After the retreat of Zingis, the sultan Gelaleddin of Carizme had returned from India to the possession and defence of his Persian kingdoms. In the space of eleven years, than hero fought in person fourteen battles; and such was his activity, that he led his cavalry in seventeen days from Teflis to Kerman, a march of a thousand miles. Yet he was oppressed by the jealousy of the Moslem princes, and the innumerable armies of the Moguls; and after his last defeat, Gelaleddin perished ignobly in the mountains of Curdistan. His death dissolved a veteran and adventurous army, which included under the name of Carizmians or Corasmins many Turkman hordes, that had attached themselves to the sultan's fortune. The bolder and more powerful chiefs invaded Syria, and violated the holy sepulchre of Jerusalem: the more humble engaged in the service of Aladin, sultan of Iconium; and among these were the obscure fathers of the Ottoman line. They had formerly pitched their tents near the southern banks of the Oxus, in the plains of Mahan and Nesa; and it is somewhat remarkable, that the same spot should have produced the first authors of the Parthian and Turkish empires. At the head, or in the rear, of a Carizmian army, Soliman Shah was drowned in the passage of the Euphrates: his son Orthogrul became the soldier and subject of Aladin, and established at Surgut, on the banks of the Sangar, a camp of four hundred families or tents, whom he governed fifty-two years both in peace and war. He was the father of Thaman, or Athman, whose Turkish name has been melted into the appellation of the caliph Othman; and if we describe that pastoral chief as a shepherd and a robber, we must separate from those characters all idea of ignominy and baseness. Othman possessed, and perhaps surpassed, the ordinary virtues of a soldier; and the circumstances of time and place were propitious to his independence and success. The Seljukian dynasty was no more; and the distance and decline of the Mogul khans soon enfranchised him from the control of a superior. He was situate on the verge of the Greek empire: the Koran sanctified his gazi, or holy war, against the infidels; and their political errors unlocked the passes of Mount Olympus, and invited him to descend into the plains of Bithynia. Till the reign of Palæologus, these passes had been vigilantly guarded by the militia of the country, who were repaid by their own safety and an exemption from taxes. The emperor abolished their privilege and assumed their office; but the tribute was rigorously collected, the custody of the passes was neglected, and the hardy mountaineers degenerated into a trembling crowd of peasants without spirit or discipline. It was on the twenty-seventh of July, in the year twelve hundred and ninety-nine of the Christian æra, that Othman first invaded the territory of Nicomedia; ^40 and the singular accuracy of the date seems to disclose some foresight of the rapid and destructive growth of the monster. The annals of the twenty-seven years of his reign would exhibit a repetition of the same inroads; and his hereditary troops were multiplied in each campaign by the accession of captives and volunteers. Instead of retreating to the hills, he maintained the most useful and defensive posts; fortified the towns and castles which he had first pillaged; and renounced the pastoral life for the baths and palaces of his infant capitals. But it was not till Othman was oppressed by age and infirmities, that he received the welcome news of the conquest of Prusa, which had been surrendered by famine or treachery to the arms of his son Orchan. The glory of Othman is chiefly founded on that of his descendants; but the Turks have transcribed or composed a royal testament of his last counsels of justice and moderation. ^41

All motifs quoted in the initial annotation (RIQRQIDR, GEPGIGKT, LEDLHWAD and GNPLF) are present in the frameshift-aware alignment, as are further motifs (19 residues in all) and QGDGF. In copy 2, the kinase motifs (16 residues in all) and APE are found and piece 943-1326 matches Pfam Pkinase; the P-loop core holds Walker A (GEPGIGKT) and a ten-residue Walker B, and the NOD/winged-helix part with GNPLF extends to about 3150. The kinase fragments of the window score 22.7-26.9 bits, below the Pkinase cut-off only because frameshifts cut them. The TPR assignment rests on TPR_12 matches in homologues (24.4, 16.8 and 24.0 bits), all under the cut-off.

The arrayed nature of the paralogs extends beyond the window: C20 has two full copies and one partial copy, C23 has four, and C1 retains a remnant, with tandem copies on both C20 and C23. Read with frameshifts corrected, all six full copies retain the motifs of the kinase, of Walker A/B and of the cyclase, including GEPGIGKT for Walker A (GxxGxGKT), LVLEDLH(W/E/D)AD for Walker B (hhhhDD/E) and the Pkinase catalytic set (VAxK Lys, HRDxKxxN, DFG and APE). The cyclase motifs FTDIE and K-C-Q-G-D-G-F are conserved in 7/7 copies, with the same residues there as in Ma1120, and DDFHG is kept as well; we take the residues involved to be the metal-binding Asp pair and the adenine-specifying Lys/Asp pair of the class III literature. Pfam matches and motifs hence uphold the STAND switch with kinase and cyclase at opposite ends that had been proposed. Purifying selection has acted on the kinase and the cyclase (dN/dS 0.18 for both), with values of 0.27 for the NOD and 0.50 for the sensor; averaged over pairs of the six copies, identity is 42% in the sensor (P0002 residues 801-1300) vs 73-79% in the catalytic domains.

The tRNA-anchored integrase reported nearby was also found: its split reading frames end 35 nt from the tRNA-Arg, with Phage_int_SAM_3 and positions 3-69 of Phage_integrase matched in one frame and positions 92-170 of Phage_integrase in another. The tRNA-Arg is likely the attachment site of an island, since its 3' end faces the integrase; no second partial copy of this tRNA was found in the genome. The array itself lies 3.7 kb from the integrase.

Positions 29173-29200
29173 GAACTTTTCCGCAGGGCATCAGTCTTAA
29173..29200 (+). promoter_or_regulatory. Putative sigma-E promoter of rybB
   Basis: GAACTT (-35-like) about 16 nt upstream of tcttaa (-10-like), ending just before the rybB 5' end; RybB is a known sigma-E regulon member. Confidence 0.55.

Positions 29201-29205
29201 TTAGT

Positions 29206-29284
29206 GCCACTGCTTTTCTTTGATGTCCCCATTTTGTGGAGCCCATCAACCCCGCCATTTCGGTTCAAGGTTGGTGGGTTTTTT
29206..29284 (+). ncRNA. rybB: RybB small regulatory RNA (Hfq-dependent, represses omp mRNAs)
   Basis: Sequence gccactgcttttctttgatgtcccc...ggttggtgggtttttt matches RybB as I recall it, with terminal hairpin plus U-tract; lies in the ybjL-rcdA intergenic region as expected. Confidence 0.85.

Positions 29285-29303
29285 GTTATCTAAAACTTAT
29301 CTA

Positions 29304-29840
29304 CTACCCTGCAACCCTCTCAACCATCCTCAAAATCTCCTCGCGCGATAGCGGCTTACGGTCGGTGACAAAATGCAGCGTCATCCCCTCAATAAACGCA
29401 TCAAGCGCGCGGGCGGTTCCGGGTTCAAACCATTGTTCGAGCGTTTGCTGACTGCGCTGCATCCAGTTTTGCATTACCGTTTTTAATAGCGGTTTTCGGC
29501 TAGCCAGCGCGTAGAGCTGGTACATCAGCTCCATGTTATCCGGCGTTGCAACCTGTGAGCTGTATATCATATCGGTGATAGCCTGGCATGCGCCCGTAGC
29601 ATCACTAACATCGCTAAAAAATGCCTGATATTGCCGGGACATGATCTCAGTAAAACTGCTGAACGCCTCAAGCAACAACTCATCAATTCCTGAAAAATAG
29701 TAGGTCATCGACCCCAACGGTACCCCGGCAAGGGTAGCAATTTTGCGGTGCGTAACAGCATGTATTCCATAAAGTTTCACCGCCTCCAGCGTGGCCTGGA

[Footnote 40: See Pachymer, l. x. c. 25, 26, l. xiii. c. 33, 34, 36; and concerning the guard of the mountains, l. i. c. 3--6: Nicephorus Gregoras, l. vii. c. l., and the first book of Laonicus Chalcondyles, the Athenian.]